Society for East Asian Anthropology
Society for Psychological Anthropology
Cosponsored - Oral Presentation Session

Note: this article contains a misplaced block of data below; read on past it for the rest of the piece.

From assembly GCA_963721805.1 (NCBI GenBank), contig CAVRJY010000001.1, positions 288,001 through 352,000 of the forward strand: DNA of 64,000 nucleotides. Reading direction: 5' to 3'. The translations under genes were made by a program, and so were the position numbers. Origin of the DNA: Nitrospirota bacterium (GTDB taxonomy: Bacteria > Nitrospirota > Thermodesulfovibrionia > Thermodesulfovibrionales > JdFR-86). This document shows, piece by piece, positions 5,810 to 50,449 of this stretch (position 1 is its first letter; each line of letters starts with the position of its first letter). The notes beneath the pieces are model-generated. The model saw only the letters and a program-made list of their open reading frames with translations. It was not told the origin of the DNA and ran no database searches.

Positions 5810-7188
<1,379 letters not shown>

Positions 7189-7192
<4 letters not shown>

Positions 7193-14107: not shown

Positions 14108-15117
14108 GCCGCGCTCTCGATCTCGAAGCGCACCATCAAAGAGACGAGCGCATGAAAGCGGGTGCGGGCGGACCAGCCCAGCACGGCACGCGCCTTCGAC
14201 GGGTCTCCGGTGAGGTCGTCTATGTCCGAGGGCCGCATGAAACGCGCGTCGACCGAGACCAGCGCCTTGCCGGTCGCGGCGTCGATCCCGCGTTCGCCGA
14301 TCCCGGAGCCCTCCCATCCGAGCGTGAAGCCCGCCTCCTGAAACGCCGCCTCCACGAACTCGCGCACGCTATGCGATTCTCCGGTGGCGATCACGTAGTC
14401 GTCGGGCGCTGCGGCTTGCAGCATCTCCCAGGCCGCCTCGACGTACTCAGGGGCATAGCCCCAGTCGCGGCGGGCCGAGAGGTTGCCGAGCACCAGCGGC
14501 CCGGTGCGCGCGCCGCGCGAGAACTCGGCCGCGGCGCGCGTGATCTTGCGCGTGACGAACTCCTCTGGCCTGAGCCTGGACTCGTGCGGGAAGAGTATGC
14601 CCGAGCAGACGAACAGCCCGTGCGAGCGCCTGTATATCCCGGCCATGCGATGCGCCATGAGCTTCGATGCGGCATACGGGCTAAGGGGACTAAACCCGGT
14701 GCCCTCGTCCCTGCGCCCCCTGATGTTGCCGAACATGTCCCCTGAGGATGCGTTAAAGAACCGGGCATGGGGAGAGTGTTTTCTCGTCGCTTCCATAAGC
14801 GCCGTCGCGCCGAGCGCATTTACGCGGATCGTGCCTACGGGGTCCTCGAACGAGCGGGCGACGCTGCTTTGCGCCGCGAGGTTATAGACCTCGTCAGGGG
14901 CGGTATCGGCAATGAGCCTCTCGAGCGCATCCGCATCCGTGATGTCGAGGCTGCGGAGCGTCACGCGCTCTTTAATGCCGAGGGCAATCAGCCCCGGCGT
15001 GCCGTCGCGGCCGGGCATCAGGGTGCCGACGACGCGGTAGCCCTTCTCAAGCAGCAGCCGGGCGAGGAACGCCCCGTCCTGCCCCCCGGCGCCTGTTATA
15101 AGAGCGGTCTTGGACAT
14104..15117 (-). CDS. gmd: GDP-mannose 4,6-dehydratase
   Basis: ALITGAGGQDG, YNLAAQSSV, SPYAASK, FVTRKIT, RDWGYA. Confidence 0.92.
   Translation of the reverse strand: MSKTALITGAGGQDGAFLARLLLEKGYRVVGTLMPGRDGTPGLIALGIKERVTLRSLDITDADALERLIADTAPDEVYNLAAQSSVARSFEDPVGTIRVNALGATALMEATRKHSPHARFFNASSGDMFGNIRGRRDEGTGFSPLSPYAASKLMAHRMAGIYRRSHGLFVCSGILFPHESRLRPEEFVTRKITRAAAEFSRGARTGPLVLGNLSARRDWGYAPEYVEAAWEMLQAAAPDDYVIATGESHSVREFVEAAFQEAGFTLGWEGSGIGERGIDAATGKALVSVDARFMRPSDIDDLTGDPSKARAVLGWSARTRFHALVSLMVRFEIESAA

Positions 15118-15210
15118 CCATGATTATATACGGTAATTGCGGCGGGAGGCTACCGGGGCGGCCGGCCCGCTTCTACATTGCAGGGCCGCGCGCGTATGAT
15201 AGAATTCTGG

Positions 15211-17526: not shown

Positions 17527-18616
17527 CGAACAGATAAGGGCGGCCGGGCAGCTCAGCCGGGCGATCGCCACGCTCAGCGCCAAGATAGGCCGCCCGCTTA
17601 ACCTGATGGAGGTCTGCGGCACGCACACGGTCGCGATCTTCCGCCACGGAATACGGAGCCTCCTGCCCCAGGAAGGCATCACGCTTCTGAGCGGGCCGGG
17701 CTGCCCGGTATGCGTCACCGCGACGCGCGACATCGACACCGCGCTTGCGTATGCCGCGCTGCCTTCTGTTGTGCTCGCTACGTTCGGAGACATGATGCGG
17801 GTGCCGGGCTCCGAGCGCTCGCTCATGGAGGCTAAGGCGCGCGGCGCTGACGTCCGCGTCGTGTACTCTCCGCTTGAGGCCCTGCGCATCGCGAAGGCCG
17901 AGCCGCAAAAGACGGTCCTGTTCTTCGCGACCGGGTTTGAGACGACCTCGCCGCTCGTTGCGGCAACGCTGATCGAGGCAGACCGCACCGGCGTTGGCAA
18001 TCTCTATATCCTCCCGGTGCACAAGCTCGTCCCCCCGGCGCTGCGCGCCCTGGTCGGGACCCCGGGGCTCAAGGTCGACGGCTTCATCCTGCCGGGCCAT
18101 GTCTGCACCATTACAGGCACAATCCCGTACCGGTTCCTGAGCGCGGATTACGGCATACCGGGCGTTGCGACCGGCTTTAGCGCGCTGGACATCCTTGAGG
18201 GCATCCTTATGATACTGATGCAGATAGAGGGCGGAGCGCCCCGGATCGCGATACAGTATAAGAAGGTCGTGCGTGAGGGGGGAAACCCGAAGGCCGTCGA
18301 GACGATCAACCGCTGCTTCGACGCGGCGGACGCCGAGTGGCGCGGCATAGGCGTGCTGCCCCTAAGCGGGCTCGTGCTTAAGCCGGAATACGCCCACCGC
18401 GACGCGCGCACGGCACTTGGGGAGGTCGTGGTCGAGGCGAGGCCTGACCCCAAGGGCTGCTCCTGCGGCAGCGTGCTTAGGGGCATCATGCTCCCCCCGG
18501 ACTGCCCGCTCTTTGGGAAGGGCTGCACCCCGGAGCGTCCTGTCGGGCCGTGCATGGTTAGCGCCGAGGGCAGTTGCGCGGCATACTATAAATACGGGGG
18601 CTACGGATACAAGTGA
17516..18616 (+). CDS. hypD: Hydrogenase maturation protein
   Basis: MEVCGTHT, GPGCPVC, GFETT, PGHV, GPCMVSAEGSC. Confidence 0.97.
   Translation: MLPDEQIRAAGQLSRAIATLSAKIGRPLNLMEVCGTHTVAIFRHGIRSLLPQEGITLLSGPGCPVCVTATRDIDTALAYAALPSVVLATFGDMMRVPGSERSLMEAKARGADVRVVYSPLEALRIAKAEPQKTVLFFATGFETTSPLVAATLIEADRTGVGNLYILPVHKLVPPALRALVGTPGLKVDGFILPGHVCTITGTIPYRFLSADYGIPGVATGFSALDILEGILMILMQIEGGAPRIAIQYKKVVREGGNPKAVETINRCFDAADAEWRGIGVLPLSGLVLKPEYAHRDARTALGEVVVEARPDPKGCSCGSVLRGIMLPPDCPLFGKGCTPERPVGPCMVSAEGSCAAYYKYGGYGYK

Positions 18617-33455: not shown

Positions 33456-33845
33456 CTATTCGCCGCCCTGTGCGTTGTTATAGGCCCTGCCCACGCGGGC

Mental health in contemporary China is becoming a growing industry, gaining both official, commercial as well as the general public’s attention. With growing concerns about people’s well-being, how do people from different age groups experience the transition in the production of knowledge in the “psy” sciences? Is this blooming industry help to optimize people’s well-being and enrich the access for people deal with mental illness? Or does it “medicalize” problems with a social or historical origin and targeting on the individual instead? Channeling it down to a cross-generational perspective on the understanding and intervention of mental health problems, I intend to discuss how individuals contemplate about their struggles as they going through psychologically challenging periods. How people with various access to knowledge and treatment about mental health and how does that influence their decision-making process when it comes to recognize and dealing with mental health problems. This provides a good opportunity not only to discuss the illness experience those people went through and also reveals how they deal with the body-psyche relationship, their interaction with the cultural system, and how they contextualize their illness experience in their life course. Their exploration of the changes brought by the body and “heart” (a more appropriate translation than Mind in the Chinese context) reveals more than treatment of disease and alleviation of symptoms, but rather heightened conflict between the individual’s idiosyncratic interpretation of lived experience and the social roles provided by their cultural niche.